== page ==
Benedetta first published by VODzilla.co
Paul Verhoeven‘s latest film opens with Benedetta (Elena Plonka) being taken by her parents in a carriage to join a convent. When, en route, the family comes under attack from armed soldiers on horseback, one of whom snatches a golden necklace from Benedetta’s mother (Clotilde Courau), the little girl boldly intervenes, warning the soldiers that if they do not return the necklace, the Virgin Mary will bring down a curse upon them. Moments later, a bird defecates on one of the soldiers, and with a laugh they return the necklace.
In all its ambiguity, the opening scene of Benedetta is programmatic for what will follow. For here it is unclear whether this precocious, sharp-witted girl has served as a conduit to bring down divine wrath against her persecutors, or she has merely engaged in an act of opportunistic theatre – and that uncertainty will continue for the rest of the film, as the viewer is asked to determine whether Benedetta is saint or sinner, Jesus’ chosen wife or charlatan.
Certainly a theatrical performance is the first thing Benedetta – and we with her – will see when she arrives at the nunnery in Pescia, Tuscany, as a bawdy actor on a wooden stage outside the convent building lights his farts with a torch to deter men in skeleton costumes from taking him. When we catch up, nearly two decades later, with the young adult nun Benedetta (Virginie Efira, who also played a devout Catholic in Verhoeven’s previous Elle, 2016), she has a vision of Jesus, even as she is herself on stage playing Mary in a Passion play. When an ambitious Provost (Olivier Rabourdin) conspires with the rather less enthusiastic Abbess (Charlotte Rampling, a Mother Superior here as in Denis Villeneuve‘s Dune, 2021) to present Benedetta’s further visions and episodes as divine miracles, they do so less out of any real faith in Benedetta’s blessedness than as a political manoeuvre to help put Pescia on the map – and the Provost in a Bishopric. Everything here seems theatricalised, in a loose adaptation of the New Testament’s sufferings, miracles and resurrections to a more contemporary performance for the eyes of those within and without the convent’s walls. Or as the oleaginous Nuncio (Lambert Wilson) will later put it, “We all have to play our rôle, no?”
In a confined, cloistered world where women exercise very little freedom or control over their own bodies, Benedetta’s wounds and stigmata, whether heaven-sent or self-inflicted, are empowering – and as she becomes a figure of worship to the townsfolk and is herself elevated to the rôle of Abbess (displacing Rampling’s Felicita), Benedetta can for the first time use her public profile to lead the town in measures to keep out the plague, while herself indulging in the sexual pleasure which the younger, more worldly nun Bartolomea (Daphne Patakia) brings her with fingers and tongue and a dildo (whittled blasphemously from a statuette of Mary). Yet in a Church notorious for its intolerance of any threat to patriarchal norms, Benedetta’s personal liberation, not to mention her charismatic leadership, look a lot like heresy – and heresy risks being punished with death by fire.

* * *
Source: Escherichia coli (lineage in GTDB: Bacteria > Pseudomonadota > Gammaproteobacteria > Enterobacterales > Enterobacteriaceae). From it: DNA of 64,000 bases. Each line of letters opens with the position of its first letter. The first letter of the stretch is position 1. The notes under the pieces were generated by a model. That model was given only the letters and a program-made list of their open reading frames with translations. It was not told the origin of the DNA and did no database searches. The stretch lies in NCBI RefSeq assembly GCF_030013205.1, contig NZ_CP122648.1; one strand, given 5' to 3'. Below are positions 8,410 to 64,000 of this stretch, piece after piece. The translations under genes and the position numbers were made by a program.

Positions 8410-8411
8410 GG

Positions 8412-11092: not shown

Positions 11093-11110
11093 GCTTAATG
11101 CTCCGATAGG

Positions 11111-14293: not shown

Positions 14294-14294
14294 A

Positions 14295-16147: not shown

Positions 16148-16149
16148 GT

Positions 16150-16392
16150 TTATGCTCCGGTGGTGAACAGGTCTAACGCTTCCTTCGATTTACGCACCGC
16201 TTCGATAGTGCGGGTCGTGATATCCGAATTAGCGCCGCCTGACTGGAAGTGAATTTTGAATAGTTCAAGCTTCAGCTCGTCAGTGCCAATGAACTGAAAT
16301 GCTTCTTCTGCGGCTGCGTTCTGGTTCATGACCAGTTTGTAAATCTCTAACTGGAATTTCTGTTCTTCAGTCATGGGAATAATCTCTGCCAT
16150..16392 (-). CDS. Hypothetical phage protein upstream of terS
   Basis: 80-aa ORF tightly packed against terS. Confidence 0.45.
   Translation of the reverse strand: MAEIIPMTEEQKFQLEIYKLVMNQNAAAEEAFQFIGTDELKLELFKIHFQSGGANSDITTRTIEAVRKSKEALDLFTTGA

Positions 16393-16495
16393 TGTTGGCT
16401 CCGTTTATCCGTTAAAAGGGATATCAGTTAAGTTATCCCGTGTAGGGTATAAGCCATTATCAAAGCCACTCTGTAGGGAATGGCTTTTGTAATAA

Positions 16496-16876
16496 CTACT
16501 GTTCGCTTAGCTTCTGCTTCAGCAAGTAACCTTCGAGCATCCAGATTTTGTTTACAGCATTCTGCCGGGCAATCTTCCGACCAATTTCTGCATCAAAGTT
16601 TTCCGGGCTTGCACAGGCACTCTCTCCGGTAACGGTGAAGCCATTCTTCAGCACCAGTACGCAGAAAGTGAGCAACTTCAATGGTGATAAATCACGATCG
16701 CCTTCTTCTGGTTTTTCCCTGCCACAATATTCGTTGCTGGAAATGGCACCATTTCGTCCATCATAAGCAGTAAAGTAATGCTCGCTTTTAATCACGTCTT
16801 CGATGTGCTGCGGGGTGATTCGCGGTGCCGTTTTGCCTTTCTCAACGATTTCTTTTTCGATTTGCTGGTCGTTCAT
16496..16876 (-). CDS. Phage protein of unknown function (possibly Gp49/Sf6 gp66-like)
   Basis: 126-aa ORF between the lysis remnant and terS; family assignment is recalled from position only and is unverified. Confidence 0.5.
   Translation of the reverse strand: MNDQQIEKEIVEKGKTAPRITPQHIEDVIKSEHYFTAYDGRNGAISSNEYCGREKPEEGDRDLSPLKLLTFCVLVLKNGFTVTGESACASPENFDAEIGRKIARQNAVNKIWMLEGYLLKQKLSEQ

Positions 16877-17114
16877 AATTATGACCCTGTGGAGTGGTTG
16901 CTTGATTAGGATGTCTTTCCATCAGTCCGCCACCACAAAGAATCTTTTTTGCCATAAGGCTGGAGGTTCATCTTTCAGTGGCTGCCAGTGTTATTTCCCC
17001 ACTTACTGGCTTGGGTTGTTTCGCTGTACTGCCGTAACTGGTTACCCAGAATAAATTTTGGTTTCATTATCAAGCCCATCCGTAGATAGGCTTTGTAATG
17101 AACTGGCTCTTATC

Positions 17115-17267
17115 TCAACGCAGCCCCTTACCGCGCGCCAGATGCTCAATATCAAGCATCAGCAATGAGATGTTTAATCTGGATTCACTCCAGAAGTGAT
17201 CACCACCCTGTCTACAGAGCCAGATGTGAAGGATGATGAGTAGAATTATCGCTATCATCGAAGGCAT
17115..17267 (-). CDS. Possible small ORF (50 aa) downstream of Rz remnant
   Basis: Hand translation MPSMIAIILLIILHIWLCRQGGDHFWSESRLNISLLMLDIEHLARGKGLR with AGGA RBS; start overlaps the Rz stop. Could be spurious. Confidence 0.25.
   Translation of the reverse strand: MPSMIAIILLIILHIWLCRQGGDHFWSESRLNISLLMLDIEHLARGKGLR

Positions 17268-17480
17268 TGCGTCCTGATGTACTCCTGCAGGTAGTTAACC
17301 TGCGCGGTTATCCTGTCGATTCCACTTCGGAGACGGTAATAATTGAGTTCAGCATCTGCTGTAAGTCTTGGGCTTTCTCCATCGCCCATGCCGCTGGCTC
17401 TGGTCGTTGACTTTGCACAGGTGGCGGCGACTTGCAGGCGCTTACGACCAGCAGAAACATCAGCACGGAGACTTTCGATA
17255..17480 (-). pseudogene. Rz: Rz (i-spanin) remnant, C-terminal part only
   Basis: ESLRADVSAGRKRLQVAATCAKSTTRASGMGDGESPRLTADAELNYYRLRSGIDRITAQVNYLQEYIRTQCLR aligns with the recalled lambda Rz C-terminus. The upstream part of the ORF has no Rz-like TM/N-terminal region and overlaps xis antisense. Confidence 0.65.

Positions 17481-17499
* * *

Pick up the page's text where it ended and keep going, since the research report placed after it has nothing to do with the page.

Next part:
This francophone film set in seventeenth-century Italy is, as opening text declares, “inspired by real events”. Verhoeven and David Birke’s screenplay is based on the life of the nun Benedetta Carlini, drawing, as the credits openly acknowledge, on Judith C. Brown‘s 1986 historical study Immodest Acts (although omitting the book’s more sensational subtitle The Life of a Lesbian Nun in Renaissance Italy). Of course, Benedetta is also greatly influenced by ‘nunsploitation‘, a now largely passé genre whose key films once included Ken Russell’s The Devils (1971), Domenico Paolella’s Story of a Cloistered Nun (1973) and Walerian Borowczyk‘s Behind Convent Walls (1978), and whose stock and trade were Sapphic sex, flagellation and torture. Like those films, Benedetta is certainly anti-clerical, exposing the Church’s sexual hypocrisies, as well as its greater interest in extorting money for itself than in helping others. As for faith, viewers are invited to bring their own, and to determine for themselves to what extent Benedetta is real mystic or holy fake.
One scene near the end, in which Benedetta is shown whispering what she claims is a divine revelation into the ear of the older Felicita, is a clear riff on the end of Pascal Laugier’s Martyrs (2008) – another film that left its audiences questioning if there really is anything out there, above and beyond our all too human foibles and afflictions. As we face our own plague, these theological questions come with renewed urgency – although Verhoeven, being Verhoeven, approaches the spiritual through the corporeal, finding (or at least looking for) God in the scatological and the sexual, and Christ-like love and compassion in softcore porn.
Whether this constitutes an earnest quest for the divine, or merely a masquerade pandering to the viewer’s baser tastes, will come down to the individual. Yet for all its carefully staged equivocations, nobody would accuse bold, bawdy, occasionally even funny Benedetta of being subtle. Perhaps that is just part of the nunsploitation territory – but unlike Mickey Reece’s lower profile, lower budget Agnes (also 2021), Verhoeven is hardly bringing anything new to the genre that he resurrects.
Strap: Spiritual quest for the divine, or softcore salaciousness? Paul Verhoeven’s knowing nunsploitationer lets you decide.